Veterinarian's Roundtable

Q: Because farriers will see a horse more often than equine veterinarians, they often are the first to see health or lameness concerns. Are there “red flags” or symptoms a farrier might see that indicate the owner should call in a vet?

A: There are several red flags that farriers should watch for:

  1. Any foreign body penetrating into the sole or frog, such as screws or nails.
  2. Laminitis of any type.
  3. Abnormal hoof growth rings, which suggest possible nutritional issues or subclinical laminitis.
  4. Horses that really struggle to hold up their hind legs while trimming/shoeing. Many of these have hock and stifle issues.
  5. Older horses showing marked signs of Cushing’s disease. These include a long and shaggy hair coat in warm weather, trouble walking over hard ground and weight loss.
  6. Extremely overweight horses or horses with past laminitis issues via insulin resistance that flinch at routine trims or are overly sensitive after routine trims/shoeings.
  7. Horses with shivers (periodic, involuntary spasms of the muscles in the pelvic region, pelvic limbs and tail) with hind legs moving so it’s dangerous to the farrier. Sedation by a veterinarian may be required.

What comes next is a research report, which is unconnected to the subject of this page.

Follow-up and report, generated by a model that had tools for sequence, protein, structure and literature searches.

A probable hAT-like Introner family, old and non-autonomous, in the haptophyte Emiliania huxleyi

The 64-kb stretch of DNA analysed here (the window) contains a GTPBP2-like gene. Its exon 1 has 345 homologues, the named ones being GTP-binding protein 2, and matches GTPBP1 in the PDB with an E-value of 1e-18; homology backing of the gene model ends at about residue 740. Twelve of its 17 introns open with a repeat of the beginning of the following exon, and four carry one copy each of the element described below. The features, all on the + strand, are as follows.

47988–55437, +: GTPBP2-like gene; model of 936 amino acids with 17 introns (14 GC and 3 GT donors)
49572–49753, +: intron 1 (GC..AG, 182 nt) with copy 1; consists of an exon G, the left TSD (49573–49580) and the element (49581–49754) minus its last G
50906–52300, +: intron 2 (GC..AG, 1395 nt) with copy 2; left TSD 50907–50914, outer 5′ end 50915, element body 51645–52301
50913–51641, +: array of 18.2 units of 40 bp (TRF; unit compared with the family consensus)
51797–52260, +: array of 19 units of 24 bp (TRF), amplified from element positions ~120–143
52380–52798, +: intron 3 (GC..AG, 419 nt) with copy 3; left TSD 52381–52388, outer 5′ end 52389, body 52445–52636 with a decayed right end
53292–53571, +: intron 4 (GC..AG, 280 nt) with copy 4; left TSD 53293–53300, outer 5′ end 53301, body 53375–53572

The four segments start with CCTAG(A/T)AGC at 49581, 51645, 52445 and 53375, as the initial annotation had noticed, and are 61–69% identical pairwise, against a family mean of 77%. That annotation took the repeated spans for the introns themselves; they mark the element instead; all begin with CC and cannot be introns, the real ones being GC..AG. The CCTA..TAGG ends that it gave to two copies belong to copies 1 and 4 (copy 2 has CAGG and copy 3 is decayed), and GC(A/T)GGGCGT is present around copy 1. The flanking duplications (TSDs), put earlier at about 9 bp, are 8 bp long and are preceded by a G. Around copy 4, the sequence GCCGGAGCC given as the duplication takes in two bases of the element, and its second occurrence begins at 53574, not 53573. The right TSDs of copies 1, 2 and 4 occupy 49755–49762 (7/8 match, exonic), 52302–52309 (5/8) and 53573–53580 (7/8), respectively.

8. Unruly small ponies or miniature donkeys that need sedation to make a trim easier and safer. Too often the need to slow these animals down is not done, so owners wonder why the farrier won’t trim them anymore. Farriers should let owners know that a vet should sedate the animal 15 minutes before the farrier’s arrival.
  9. Horses that are very stiff on…
To view the content, please subscribe or login.
 Premium content is for our Digital-only and Premium subscribers. A Print-only subscription doesn't qualify. Please purchase/upgrade a subscription with the Digital product to get access to all American Farriers Journal content and archives online.

Top Articles

Current Issue

View More

Must Read Free Eguides

Download these helpful knowledge building tools

View More
Top Directory Listings